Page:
LAWRENCEVILLE - Several pending lawsuits against the company contracted to provide health care for Gwinnett County inmates has apparently done little to influence its chances of renewing a multimillion dollar contract.
Six other companies have submitted proposals to provide health care services for the Gwinnett County Department of Corrections and the Sheriff's Department, but Prison Health Services seems to be the front-runner. Its current contract expires Oct. 31.
PHS was recommended by officials from both the Sheriff's and Corrections departments again this year. Gwinnett County Commissioners will consider that recommendation today while reviewing proposals in a public meeting.
If approved, the contract awarded to PHS to provide medical, dental and mental health care for inmates would be worth more than $6.1 million. PHS had the highest-scoring proposal of all those submitted for consideration, according to a county memo.
A committee comprised of officials from both departments considered cost, experience, references and financial stability in making its recommendation, said Maj. Jim Hogan of the Gwinnett County Sheriff's Department. Deputy Warden Jeff Sligar of the Gwinnett County Department of Corrections, who was also on the committee, said PHS seems to be the best fit.
"We have always been and continued to be pleased with the services provided by Prison Health Services," Sligar said. "We don't expect the new contract would interrupt that in any way, shape or form."
Sheriff Butch Conway said he would go along with the recommendation.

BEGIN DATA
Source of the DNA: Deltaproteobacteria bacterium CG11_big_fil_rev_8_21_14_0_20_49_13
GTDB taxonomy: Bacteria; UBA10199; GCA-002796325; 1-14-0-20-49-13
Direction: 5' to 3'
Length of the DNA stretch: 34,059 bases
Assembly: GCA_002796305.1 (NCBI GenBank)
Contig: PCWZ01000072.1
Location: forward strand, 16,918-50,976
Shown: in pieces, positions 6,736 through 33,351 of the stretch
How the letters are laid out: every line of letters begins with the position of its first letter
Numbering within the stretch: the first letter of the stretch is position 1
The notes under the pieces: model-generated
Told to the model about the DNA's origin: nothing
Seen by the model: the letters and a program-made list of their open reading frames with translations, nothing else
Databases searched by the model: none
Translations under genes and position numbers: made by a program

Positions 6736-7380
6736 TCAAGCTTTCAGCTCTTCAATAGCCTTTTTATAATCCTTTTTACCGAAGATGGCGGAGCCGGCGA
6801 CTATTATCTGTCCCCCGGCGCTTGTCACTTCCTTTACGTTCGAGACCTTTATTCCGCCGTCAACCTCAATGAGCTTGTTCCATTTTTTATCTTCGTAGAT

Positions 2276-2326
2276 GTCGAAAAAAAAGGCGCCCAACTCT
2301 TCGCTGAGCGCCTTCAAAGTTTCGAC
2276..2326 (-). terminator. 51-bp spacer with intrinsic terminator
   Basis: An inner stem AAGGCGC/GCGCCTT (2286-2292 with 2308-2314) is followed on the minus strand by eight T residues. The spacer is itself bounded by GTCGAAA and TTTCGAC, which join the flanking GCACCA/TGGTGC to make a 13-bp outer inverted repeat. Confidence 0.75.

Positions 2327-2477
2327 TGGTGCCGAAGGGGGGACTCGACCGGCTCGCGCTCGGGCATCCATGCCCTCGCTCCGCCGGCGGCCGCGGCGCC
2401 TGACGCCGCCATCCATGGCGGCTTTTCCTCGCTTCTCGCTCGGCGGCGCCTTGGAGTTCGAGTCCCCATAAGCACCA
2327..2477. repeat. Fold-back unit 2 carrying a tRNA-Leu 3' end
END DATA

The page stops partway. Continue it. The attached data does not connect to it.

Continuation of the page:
"If the committee recommended them, I feel comfortable with it," he said.
But not all the feedback on PHS has been positive.
The company was targeted by two lawsuits in Gwinnett within the past 13 months. It also came under harsh criticism in January following the release of an internal investigation by the Gwinnett County Sheriff's Department into the death of a terminally ill inmate. Several deputies and inmates blasted PHS for its handling of the woman, who died of leukemia on Oct. 17, 2005.
Harriett Washington, 43, repeatedly asked to be taken to a hospital in the days leading up to her death, but her requests were rebuffed by staff members who instead sent her back to her cell. Washington's two cellmates and several deputies reported that she was sent to the infirmary three times in a two-day period only to be returned to her cell in the same condition - vomiting, experiencing high fevers and having difficulty breathing.
Jonathan P. Sexton, an attorney for Washington's family, said he plans to file a wrongful death lawsuit against PHS and Gwinnett County in the next six weeks. He was dismayed to hear that PHS' contract may be renewed.
"I hope they don't use them again," Sexton said Monday.
PHS has also been named in lawsuits by the families of two former Gwinnett County inmates who died following a struggle with deputies at the jail. The lawsuits claim poor documentation of one inmate's medical history and a lackadaisical response by staff while another inmate was in cardiac arrest contributed to their deaths.
Prison Health Services has been faulted for inmate deaths or poorly managed health care in other jurisdictions also, prompting local officials in Richland County, S.C., and in Nashville, Tenn., to discontinue their contracts with the company.
Prison Health Services Inc. claims to have founded the private managed correctional health care field in 1978. As the largest company of its kind in the nation, it employs more than 4,700 medical professionals and support staff across the country.
As the full-time "medical monitor" at Gwinnett County Detention Center, it's Hogan's job to oversee Prison Health Services. He reviews complaints filed by inmates and randomly checks other inmate requests to ensure PHS staffers respond to them in a timely fashion. Hogan also sits in on PHS staff meetings.
Hogan said the lawsuits pending against PHS were a factor in the committee's decision, however, "it seemed that most of the companies we considered had similar situations somewhere around the country in some site that they provided service."